E-waste recycler lights up path to profits

Total Reclaim's business increases 30 percent in 2009

Posted: Tuesday, January 19, 2010

ANCHORAGE - In a year when the economy struggled to recover, business boomed for Total Reclaim, a computer and electronics recycling firm now carrying its mantra on the merits of recycling all over Alaska.

In 2009, Total Reclaim's lighting business quadrupled, and business overall grew about 30 percent, said Larry Zirkle, the energetic general manager of the firm's Alaska office.

Overall that amounts to about 53,000 pounds of electronics a week, of which everything but the chemically treated wood on television consoles is recyclable, he said.

"I think it's our outreach program," said Zirkle. "There are still no laws or regulations on throwing electronics away. I think it is because people are realizing the long-term effect of throwing (electronics) into landfills or on the side of the road."

Electronics contain a host of contaminants, such as lead, cadmium, beryllium and brominated flame retardants. When electronics are tossed into the landfill, the odds for contamination increase. If a liner at the landfill fails, toxic chemicals contained in the puddle of goo at the bottom of the liner could seep into the groundwater, said Riley Kosinski, outreach coordinator for Total Reclaim.

There are no studies on the long-term effectiveness of landfill liners, he said.

Total Reclaim, which Zirkle started in his garage in 2005, operates in a 4,000-square-foot warehouse in south Anchorage. Zirkle and his staff of eight have a mission to increase the number of businesses and individuals who recycle electronics.

"People are understanding. They walk into our shop and see piles of electronics, and we say 'that's only two days' work,'" said Zirkle. "About 10 times a day, we get phone calls asking if we take electronics. We want people to be aware so they can make intelligent decisions (about disposing electronics)."

Seattle-based Total Reclaim, a leading recycler of computers and electronics in the Pacific Northwest, offers a variety of innovative environmental services for electronics management and other hard-to-handle materials, including fluorescent lamps, refrigerant gases and household appliances.

To date the firm has processed in Seattle more than 150 million pounds of material from Washington state, Alaska and Oregon, working with customers to keep hazardous waste out of landfills.

For a fee, the company accepts various electronics and office machines, such as computers, monitors, printers, laptops, servers, routers, hubs, televisions, VCRs, DVD players, stereos and audio components, batteries and cell phones.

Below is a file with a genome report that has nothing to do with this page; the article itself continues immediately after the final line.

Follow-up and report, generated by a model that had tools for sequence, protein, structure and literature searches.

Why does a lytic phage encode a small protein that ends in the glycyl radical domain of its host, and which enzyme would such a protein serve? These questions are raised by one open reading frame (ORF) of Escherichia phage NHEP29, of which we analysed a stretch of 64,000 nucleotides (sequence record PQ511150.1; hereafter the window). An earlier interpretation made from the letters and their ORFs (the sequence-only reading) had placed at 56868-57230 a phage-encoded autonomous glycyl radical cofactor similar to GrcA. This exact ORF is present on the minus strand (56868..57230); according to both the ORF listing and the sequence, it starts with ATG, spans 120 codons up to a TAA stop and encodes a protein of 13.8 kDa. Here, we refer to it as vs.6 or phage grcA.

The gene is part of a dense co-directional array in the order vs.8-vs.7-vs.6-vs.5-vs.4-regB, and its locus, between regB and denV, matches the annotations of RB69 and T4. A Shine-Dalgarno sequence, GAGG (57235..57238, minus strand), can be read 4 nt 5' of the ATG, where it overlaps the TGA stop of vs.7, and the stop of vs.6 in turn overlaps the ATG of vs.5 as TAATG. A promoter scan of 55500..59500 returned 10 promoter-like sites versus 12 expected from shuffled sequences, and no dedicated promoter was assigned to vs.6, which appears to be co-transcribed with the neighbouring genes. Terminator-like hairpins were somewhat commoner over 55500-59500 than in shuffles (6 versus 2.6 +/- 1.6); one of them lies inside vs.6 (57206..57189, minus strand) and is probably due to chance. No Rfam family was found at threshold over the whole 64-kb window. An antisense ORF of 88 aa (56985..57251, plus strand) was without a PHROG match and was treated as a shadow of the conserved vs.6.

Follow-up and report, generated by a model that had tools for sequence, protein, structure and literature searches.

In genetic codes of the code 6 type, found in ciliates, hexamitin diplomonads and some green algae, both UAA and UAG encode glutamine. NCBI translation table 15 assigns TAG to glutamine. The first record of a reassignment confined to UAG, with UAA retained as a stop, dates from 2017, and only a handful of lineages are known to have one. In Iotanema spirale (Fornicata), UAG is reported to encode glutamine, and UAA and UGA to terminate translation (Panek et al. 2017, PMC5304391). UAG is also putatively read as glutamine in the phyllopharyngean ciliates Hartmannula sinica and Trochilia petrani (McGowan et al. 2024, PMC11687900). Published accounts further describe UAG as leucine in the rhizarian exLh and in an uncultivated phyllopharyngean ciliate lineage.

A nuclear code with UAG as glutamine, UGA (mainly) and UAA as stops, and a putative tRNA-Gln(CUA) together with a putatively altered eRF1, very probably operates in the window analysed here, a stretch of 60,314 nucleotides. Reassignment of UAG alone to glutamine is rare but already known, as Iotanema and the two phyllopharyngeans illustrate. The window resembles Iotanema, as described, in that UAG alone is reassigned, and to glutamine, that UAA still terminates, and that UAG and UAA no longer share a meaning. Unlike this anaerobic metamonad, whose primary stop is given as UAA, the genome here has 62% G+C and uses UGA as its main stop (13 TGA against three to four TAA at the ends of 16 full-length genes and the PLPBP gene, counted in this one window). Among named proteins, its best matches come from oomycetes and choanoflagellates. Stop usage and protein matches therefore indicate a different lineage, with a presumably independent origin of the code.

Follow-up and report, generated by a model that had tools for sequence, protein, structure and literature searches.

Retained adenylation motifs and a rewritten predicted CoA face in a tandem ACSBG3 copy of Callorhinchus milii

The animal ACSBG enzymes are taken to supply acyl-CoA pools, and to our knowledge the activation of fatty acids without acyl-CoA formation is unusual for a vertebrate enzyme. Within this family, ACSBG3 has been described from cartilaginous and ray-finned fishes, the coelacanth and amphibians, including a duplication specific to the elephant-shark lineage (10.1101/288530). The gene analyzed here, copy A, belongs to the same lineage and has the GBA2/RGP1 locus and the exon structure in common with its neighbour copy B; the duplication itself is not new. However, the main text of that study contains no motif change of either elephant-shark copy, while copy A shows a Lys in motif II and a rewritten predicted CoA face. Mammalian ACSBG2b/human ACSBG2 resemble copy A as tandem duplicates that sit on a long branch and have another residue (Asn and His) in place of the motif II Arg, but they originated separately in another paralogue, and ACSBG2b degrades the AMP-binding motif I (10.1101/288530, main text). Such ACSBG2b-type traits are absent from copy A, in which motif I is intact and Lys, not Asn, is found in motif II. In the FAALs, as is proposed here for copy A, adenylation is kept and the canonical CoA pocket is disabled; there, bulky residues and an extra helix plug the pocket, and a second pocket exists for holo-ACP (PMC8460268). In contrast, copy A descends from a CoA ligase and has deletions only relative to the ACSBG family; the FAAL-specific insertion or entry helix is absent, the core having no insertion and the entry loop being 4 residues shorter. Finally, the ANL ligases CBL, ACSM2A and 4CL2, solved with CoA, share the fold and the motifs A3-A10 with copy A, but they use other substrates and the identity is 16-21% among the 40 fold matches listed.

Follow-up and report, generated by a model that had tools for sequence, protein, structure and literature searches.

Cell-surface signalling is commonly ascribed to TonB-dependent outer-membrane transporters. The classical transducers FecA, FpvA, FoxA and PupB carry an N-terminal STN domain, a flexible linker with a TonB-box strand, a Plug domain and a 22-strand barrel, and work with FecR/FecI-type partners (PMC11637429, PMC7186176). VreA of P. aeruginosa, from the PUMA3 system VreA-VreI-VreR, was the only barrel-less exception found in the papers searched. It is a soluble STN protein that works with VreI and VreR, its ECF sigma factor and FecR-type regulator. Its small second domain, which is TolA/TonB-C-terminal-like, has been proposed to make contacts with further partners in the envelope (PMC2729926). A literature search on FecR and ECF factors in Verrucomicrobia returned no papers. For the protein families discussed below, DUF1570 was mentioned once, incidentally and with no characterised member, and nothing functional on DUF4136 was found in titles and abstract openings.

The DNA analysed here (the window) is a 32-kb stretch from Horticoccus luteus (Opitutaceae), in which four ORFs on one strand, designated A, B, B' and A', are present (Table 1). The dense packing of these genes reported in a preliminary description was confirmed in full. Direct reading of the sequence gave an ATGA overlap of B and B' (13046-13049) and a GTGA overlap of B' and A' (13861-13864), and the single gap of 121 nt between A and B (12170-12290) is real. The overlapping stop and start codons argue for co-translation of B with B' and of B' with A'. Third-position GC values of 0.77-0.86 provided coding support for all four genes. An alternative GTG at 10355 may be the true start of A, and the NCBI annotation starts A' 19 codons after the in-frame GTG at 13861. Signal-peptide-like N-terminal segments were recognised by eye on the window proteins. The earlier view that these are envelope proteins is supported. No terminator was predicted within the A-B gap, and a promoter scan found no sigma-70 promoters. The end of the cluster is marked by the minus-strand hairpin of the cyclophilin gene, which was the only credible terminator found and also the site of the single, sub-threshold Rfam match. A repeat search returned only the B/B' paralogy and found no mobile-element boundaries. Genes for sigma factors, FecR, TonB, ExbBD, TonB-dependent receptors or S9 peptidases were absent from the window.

Most of this e-waste is processed and separated into various raw materials such as plastic, glass, steel, copper and aluminum, commodities that are then used as feedstock in the manufacture of new products.

Still all Total Reclaim's efforts to date are a drop in the bucket when compared to the total amount of waste that continues to get dumped into Alaska's landfills.

To date the collective electronics recycling effort has had minimal effect on the Anchorage landfill, said Mark Madden, director of solid waste services for the municipality of Anchorage.

Madden said the landfill takes in an average of 1,200 to 1,400 tons of waste a day, or a total of 300,000 to 350,000 tons annually, although there has been some decline since 2008, likely due to economic conditions.

The Anchorage Recycling Center does not accept electronics, but does recycle some 25,000 tons of other wastes annually, including aluminum and tin cans, newspaper, magazines and miscellaneous paper, cardboard and plastic bottles, said general manager Randy Virgin.

"It is daunting when you think about how much is going to the landfill," said Virgin, formerly of the Alaska Center for the Environment. "There are definitely things going to the landfill that could be recycled."

A lot of companies also backhaul electronics and other materials for recycling in the Pacific Northwest, transporting these materials south in the containers that were used to ship new products north, he said.

Still, tons of trash going to landfills in Alaska could be recycled.

That's why Total Reclaim set a goal to spread the word to communities all over Alaska on benefits of and how to recycle electronics.

The firm has held recycling events in Haines, Skagway, Soldotna, Homer, Kenai, Fairbanks, McGrath and Takotna and is working on another in Ketchikan, charging its normal recycling fees, while speaking on the benefits of electronics recycling.



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